The game is aimed at family's and plays very quickly, which is great for kids with short attention spans (and adults). And is quite easy to beat, so everyone is a winner. The game encourages team work, collecting items at the right moment, puzzling out the runes and dealing with combat. As combat is a luck of the dice thing, there are ways to bolster the attack, giving more chances to be successful. Placing another hero in the same area can help as well as players sacrificing cards of the same active hero.
The nature of the co-op game makes it susceptible to "Alpha Gamer Syndrome" but at the same time, is a great gateway game for those new to the hobby. Playing openhanded and also being taught while playing are great advantages. And if you have no friends...you can play solo.
All in all, a fantastic production (10/10) from a Holy Grail Games Kickstarter.
But lacking a little in replay-ability, even with 11-12 mini expansions.
This is a game for almost everyone...and their inner child.
Get more information about the game in this video
How was the West won...?
Well it wasn't by drawing fastest or by scaring the the tribesmen away. It was done at a table, with two players and box of cardboard.
This is Outlaws, a Kickstarter from Holy Grail Games. Where one box will bring dual-ling fun for two players. And two boxes will extend that pleasure to four.
Everyone is trying to get their Governor to be elected...well, as Governor of a small western town, where cowboys wear hats and dead men wear no plaid. If you successfully get more votes than the other player, you win the game...Simple, eh!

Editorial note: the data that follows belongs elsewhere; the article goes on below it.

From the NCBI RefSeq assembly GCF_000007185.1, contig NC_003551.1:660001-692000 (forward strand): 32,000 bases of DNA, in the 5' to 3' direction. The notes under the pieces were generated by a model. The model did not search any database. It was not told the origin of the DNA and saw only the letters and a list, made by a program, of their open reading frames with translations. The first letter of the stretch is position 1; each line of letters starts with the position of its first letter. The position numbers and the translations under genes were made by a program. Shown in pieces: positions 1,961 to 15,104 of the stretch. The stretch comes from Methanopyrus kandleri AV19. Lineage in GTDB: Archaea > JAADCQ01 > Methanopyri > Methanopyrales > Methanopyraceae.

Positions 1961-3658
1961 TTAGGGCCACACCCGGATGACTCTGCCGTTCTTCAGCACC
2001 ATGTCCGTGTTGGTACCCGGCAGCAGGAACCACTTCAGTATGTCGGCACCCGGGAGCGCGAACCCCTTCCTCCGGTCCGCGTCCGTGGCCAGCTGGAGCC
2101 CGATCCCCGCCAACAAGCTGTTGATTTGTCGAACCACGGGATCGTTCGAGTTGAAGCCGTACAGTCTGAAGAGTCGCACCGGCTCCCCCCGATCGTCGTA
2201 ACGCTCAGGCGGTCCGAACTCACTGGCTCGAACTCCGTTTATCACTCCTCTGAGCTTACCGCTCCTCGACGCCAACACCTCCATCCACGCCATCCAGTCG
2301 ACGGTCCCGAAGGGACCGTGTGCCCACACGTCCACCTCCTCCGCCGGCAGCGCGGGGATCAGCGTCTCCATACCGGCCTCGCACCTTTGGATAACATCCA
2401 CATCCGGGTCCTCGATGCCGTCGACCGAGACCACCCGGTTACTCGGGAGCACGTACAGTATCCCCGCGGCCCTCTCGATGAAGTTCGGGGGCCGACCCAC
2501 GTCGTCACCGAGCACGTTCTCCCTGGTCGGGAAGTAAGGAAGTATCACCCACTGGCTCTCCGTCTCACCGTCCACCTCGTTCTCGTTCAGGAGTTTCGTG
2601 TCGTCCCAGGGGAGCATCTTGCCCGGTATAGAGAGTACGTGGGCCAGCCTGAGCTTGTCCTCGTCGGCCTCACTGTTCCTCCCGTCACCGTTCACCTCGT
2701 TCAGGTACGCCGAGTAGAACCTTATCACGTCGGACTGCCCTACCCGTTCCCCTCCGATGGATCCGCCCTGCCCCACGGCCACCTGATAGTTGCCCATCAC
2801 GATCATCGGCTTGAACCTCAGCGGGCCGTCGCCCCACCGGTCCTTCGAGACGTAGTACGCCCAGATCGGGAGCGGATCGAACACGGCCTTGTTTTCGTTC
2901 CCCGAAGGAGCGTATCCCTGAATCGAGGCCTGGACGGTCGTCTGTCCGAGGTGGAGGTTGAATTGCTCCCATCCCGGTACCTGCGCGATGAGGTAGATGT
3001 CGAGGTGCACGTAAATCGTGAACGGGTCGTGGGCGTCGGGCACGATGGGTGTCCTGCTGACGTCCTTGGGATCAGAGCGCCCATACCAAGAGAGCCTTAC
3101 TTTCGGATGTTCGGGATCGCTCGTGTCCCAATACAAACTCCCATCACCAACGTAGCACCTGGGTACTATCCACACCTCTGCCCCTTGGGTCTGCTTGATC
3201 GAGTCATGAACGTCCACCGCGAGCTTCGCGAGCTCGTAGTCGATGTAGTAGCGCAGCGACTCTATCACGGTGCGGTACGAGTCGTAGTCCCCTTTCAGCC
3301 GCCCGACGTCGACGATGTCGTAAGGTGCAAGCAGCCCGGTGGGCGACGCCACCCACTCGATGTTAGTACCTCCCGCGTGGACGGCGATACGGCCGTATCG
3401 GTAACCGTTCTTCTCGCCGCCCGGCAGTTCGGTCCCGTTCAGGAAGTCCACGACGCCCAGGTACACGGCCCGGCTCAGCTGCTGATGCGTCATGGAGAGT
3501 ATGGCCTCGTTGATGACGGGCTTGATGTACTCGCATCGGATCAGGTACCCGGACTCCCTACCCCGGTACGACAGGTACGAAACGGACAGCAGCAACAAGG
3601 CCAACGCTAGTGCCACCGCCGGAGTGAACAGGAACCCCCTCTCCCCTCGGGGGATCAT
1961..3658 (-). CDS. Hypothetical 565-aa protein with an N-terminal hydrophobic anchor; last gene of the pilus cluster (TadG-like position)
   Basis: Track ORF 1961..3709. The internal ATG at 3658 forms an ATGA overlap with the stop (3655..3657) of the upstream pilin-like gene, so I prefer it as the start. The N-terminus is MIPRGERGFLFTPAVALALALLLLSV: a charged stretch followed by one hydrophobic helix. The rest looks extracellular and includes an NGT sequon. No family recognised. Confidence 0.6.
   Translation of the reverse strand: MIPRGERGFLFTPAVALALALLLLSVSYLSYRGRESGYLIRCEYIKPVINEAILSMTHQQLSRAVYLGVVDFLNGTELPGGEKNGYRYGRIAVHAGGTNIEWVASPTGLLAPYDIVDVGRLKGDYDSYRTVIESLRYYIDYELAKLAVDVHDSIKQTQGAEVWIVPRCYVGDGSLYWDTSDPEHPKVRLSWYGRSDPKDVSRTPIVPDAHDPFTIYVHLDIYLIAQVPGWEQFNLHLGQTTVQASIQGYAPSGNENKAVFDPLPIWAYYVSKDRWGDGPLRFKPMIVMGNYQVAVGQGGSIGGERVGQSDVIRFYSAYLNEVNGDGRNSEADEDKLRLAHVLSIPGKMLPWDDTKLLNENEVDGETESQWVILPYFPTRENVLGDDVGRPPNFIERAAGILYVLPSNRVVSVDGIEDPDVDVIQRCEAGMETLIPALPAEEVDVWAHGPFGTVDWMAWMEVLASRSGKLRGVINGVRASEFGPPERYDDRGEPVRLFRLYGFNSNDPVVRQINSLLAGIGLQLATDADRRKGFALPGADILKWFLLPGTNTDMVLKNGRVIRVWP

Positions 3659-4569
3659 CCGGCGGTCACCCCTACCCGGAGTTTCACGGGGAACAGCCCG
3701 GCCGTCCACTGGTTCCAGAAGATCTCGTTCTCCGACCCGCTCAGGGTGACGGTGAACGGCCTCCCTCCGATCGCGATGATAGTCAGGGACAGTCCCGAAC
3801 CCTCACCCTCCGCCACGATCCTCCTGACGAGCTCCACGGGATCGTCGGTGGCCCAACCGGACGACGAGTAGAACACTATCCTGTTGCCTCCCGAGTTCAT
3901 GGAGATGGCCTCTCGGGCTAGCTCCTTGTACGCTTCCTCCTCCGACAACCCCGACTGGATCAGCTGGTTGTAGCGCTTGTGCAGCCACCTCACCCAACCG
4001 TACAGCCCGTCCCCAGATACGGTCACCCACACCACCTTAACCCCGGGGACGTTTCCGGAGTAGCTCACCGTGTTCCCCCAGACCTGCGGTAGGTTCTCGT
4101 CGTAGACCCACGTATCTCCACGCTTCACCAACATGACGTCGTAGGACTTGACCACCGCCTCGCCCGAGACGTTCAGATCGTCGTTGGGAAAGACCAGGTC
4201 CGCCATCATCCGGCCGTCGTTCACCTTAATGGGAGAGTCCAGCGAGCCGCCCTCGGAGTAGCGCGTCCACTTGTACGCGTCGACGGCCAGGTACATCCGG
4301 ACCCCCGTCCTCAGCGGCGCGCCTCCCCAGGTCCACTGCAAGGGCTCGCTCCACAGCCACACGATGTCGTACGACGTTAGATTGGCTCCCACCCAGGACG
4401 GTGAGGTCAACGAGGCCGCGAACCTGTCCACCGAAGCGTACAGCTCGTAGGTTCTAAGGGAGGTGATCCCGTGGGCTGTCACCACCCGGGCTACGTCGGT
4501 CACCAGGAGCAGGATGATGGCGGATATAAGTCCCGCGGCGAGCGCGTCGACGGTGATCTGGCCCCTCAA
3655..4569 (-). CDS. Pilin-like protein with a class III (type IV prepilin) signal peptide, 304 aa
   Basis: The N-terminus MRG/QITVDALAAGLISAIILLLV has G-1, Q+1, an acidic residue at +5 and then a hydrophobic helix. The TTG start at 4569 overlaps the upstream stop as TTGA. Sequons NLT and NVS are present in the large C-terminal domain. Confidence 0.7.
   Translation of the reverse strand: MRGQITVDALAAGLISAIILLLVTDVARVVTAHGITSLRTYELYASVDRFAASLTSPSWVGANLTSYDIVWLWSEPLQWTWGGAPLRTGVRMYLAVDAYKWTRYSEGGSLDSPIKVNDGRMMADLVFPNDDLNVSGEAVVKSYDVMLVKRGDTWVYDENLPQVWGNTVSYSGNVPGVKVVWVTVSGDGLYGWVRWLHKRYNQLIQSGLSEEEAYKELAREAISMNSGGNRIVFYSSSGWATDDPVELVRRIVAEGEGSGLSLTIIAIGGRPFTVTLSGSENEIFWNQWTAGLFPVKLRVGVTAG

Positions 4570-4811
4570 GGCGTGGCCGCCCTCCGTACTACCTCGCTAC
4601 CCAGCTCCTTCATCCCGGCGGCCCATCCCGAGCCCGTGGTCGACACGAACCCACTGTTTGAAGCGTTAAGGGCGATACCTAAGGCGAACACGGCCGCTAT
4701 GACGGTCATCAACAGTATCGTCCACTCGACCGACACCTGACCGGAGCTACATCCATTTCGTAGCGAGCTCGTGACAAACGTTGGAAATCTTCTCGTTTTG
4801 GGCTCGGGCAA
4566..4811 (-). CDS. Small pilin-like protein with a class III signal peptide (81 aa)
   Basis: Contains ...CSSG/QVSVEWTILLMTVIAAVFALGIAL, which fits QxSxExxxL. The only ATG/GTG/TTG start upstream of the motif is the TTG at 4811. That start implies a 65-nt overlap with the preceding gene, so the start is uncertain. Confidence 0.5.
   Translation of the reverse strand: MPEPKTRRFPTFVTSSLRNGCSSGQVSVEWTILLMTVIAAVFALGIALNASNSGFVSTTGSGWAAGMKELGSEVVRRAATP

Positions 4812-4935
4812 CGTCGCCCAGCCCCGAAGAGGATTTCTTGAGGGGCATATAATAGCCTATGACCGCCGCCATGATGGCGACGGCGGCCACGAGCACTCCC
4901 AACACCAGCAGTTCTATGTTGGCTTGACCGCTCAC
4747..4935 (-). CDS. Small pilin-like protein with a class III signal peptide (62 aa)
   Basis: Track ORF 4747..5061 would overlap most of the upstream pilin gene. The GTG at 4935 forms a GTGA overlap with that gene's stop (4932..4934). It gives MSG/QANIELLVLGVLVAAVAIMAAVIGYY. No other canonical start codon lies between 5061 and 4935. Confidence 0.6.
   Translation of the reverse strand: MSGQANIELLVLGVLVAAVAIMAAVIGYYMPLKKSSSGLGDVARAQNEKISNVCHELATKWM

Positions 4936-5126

But each player also has a, so crooked, he could swallow nails and spit out corkscrews, Hitmam who can take out that pretty dressed, ladies man. If he can find him, that is. And when the hit is done, and your Governor the only one in town, you'll win.
...Unless, the Sheriff finds this critter and arrests him.
And a selection of characters, each with their own special powers (and more Kickstarter exclusive characters too) to help you deduce and bluff your way to the top. You'll also have to have something under your hat, other than your hair, to remember where voting slips are and the whereabouts of certain persons.
Now you know a little about this one horse town, and some of it's fine citizens and, crocked as a dogs back leg, scoundrels, why not take a walk down the dusty streets with me in this "How to play - First Impressions" video and learns more.
You can also jump on your horse and go straight to the Kickstarter by clicking this link here.
Barry Doublet &